No one has their finger on the pulse of the housing market like real estate agents. Real estate agents are typically the first to learn of upcoming listings because potential sellers contact agents to get more information about the selling process weeks, or even months, before listing. So if you have a relationship with a real estate agent, you get on the inside track to be notified of motivated sellers. 

Not only that, but agents talk to the other agents in their brokerage. When one agent gets word of a potential listing, that agent will let the others know so they can start lining up potential buyers.

While it’s still a seller’s market with fewer off-market listings our borrowers are still scooping them up. It always comes down to connections and being able to perform.  Many of them count on Coastal Capital to provide financing in days to get these deals closed fast.\There’s a reason why long-term California real estate invesotrs consider Coastal Capital their financing partner of choice. 

How Private Money Loans Can Solve Real Problems

A private money loan is simply a short-term loan secured by real property and funded by a private investor or investors that allows the borrower free use of the cash proceeds to solve their real-world problems.

Should You Buy A Home Now? Economists Think Prices Will Rise In 2022

Home prices are expected to rise through 2022 and most agree you should buy a home now. with interest rates near historic lows — some 15-year rates are near 2% and some 30-year rates are below 3% — many prospective home buyers are wondering whether they should buy a home sooner rather than later. Here’s what experts say about home price trends and whether you should buy now.

How Much Are Home Prices Going To Appreciate?

Of course, no one has a crystal ball that can foresee the future of the real estate market, but a report from the National Association of Realtors revealed home prices will likely climb 5.5% in 2022. Taylor Marr, lead economist at Redfin, says that while the company reported that home sales grew 16% in August, “our economics team’s view is that price growth will slow to about 13% during the last few months of this year, relative to 2020.” And for its part, “Zillow economists expect the typical U.S home value to increase 4.7% over the next three months (August-November), and to end August 2022 up 11.7% from August 2021,” according to a report the organization released in September. (Zillow’s home values take into account the prices of all homes, whether they are for sale or not.)

“That’s incredible growth compared to historical norms, but slower than the current pace. Inventory has shown signs it is finally headed up, which would rebalance the market to some extent and start to moderate the home price explosion we’ve seen over the past year or so,”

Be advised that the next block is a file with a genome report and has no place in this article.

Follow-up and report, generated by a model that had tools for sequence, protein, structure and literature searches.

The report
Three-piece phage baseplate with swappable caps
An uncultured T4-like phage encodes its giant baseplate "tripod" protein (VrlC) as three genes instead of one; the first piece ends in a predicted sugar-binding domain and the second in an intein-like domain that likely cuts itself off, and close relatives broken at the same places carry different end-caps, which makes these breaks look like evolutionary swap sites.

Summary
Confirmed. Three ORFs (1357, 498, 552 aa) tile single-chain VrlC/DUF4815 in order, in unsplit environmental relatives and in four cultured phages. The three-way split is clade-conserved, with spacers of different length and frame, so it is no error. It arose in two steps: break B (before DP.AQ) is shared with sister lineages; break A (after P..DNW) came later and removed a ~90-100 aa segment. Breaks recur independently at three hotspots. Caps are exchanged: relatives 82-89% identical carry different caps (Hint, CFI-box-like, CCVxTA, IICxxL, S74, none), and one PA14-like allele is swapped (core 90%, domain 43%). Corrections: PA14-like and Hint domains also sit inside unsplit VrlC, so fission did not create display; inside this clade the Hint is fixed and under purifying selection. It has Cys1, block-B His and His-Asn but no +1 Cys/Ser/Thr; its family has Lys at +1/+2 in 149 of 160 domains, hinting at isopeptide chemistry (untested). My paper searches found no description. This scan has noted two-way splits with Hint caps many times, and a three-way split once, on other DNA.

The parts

Jonathan Lee, senior director of mortgage sales for Zillow Home Loans. Tweet

Should You Buy Now, Or Wait?

Potential buyers should think about their personal situation first when deciding when to buy a home, rather than trying to time the market, some experts say. “You should buy now if you’re sure you’re ready and you can afford a home. It’s best not to try to time the market. If you wait on the expectation that prices will fall in a year or two, you might be disappointed,” says Holden Lewis, home and mortgage expert at NerdWallet. And buying now could mean you lock in a very low interest rate, as mortgage rates are still near all-time lows.
Denny Ceizyk, LendingTree’s senior staff writer for mortgage, says the decision of whether to buy now depends on whether you’re financially prepared for homeownership and how long you plan to live in the home you’re buying, because even if home prices dip, they generally recover in the long run. “While home prices are rising, interest rates remain at 60-year lows, making it much more affordable to buy higher-priced homes. At some point, inflation pressures could push mortgage rates higher, which argues for buying sooner than later. If your employment was affected by pandemic-related layoffs or furloughs, it also makes sense to pad your cash reserves before you buy so you’ve got extra funds to cover an extended period without a paycheck,” says Ceizyk.

Here at Coastal Capital we help borrowers throughout California with business purpose loans. For more info or give us a call: (310) 280-9173.

Buying and Flipping Foreclosed Homes

With the looming expiration of moratoriums, it’s good to have a team lined up and ready when opportunities arise so you can make a solid real estate offer.